Project 2009-2012


Kick-Off Meeting (© Donau-Auen National Park)
At the beginning of this first project, the partnership included 12 Protected Areas from 8 Danube countries. Additional partners showed interest and were invited to cooperate, which is why by the end of 2011, the network already comprised 15.

The project was implemented between April 2009 and February 2012 and invested about € 2.7 mio in nature protection. The focus was on five different implementation areas: River Morphology and Revitalisation, Floodplain Management and Habitat Network, Conservation of Danube Flagship Species, Monitoring and Natura2000 and Danube Nature Tourism.

A review to all activities is given in the DANUBEPARKS Project Report 2009-2012.


Danube Festival (© Wagner)
To ensure smooth implementation, to build up a long-lasting partnership and to provide for an in-depth experience exchange, task forces met regularly for workshops, meetings and study visits. The steering committee meetings brought Protected Area Directors together once a year to discuss the implementation of the project and to take any high-level decisions.

Awareness-raising activities were implemented to demonstrate the importance of transnational cooperation in nature protection to the public and inspire them for support. This included the exchange of exhibitions and organisation of the international art competition “A Chance for the Blue Danube”. The major annual focal points were the International Danube Festival in Mohács 2010 and Orth/Donau 2011, integrating culture, tradition, nature and information about all Protected Areas into the programme.

Activities and Achievements

River restoration (© BROZ)
River Morphology and Revitalisation: From 2009 to 2012, the main focus was on the elaboration of two publications; The DANUBEPARKS Strategy on Conservation and Navigation, including ways to deal with river engineering projects and their impacts on nature in the Protected Areas, and the Danube River’s Morphology and Revitalisation, assembling experiences from the past.Additionally, several demonstrative and innovative revitalisation projects were implemented (e.g. opening of river branches, adaptation of groyns), and study visits as well as an international workshop were organised.


Floodplain Forest (© Duna-Dráva National Park)
Floodplain Management and Habitat Network: During this project cross-border management plans for the AT-SK, HU-HR and HU-RS areas were developed as a basis for more coherent nature management. The “Perspectives for Danube Floodplain Forests” laid down the general goals of the Protected Areas regarding future implementation measures in forestry. Last but not least, pilot projects (e.g. planting of native trees, mowing and grazing) and study visits, also with external stakeholders, were implemented.



Whte-tailed Eagle (© Kalotás)
Protection of Danube Flagship Species: White-tailed Eagle and Danube Sturgeon both demonstrate the necessity of an interlinked and uninterrupted habitat network along the Danube. For Sturgeons, cooperation was started with research institutions and communication tools were established. The Action Plan for White-tailed Eagle at the Danube River –  developed together with experts – was adopted and published by the Council of Europe / Bern Convention. A White-tailed Eagle Database was established online to collect international monitoring data coherently.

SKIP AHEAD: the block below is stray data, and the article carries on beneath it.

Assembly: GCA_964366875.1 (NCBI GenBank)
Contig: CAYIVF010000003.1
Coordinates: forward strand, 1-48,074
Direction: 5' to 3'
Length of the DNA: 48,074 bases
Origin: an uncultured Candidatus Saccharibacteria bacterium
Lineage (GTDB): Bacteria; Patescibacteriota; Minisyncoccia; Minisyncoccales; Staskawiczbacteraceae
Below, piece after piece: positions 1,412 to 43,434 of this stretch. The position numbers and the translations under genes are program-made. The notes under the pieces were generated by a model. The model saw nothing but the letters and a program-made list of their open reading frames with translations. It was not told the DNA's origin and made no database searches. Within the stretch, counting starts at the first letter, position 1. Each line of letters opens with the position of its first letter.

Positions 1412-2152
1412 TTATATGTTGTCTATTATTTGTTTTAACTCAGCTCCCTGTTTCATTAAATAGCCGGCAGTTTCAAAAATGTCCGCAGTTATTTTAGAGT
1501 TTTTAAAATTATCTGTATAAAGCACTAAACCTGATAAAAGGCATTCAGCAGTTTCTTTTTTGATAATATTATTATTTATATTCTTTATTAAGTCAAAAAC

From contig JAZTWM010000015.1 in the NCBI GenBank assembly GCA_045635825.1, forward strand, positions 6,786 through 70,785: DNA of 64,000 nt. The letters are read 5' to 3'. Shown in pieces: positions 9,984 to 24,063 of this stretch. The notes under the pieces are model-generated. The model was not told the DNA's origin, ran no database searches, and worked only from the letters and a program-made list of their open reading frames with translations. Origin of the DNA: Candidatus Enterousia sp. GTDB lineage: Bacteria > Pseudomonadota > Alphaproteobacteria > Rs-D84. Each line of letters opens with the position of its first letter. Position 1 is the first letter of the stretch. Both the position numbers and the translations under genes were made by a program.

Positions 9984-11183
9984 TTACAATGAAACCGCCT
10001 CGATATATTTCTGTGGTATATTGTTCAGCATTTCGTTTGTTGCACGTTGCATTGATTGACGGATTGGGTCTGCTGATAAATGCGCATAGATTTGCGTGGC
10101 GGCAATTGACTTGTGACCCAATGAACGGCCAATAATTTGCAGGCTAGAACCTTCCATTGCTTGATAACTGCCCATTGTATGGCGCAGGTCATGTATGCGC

European Beaver (© Kern)
Monitoring and Natura2000: Handbooks and studies were published to enhance management and monitoring of important species, such as Beaver or European Mink, or general Natura2000 areas. An online database for fish monitoring data has been established. The results of the Danube-wide monitoring of Little-ringed Plover and Sandmartin (indicator species for dynamic river sections) demonstrate the need for further revitalisation and protection.



Birdwatching tourism (© Rosenberger)
Danube Nature Tourism: The Joint Ranger Training in 2010 provided the basis for many Protected Areas to guide foreign visitors and communicate to visitors the necessity of transnational cooperation. A Position and Action Plan for tourism and environmental education now serves as the basis for future actions. Several Protected Areas also developed pilot offers (boat and bike tours, nature trails). Communication tools such as the joint tourism brochure and online tourism platform help in marketing the newly established offers.


The project partners included: Danube Delta Biosphere Reserve Authority, Rusenski Lom Nature Park, Persina Nature Park, Duna-Dráva National Park, Duna-Ipoly National Park, State Nature Conservancy of the Slovak Republic, BROZ, and Donau-Auen National Park (Lead Partner).

The observer partners representing Protected Areas, thus participating actively in the implementation of activities, were: Ðjerdap National Park, Vojvodinašume, Institute for Nature Conservation of Vojvodina Province, Kopački rit Nature Park, Lonjsko Polje Nature Park, City of Ingolstadt and Landkreis Neuburg-Schrobenhausen.

Other observer partners included: ICPDR; Ministry of Environment and Water of Hungary; Provincial Secretariat for Environmental Protection and Sustainable Development of Vojvodina; Executive Forest Agency of Bulgaria; Ministry of Environment and Spatial Planning of Serbia; via donau, Ministry of Environment and Water of Bulgaria; Ministry of Environment and Sustainable Development of Romania; Federal Ministry of Agriculture, Forestry, Environment and Water Management of Austria and Ministry of Culture of Croatia.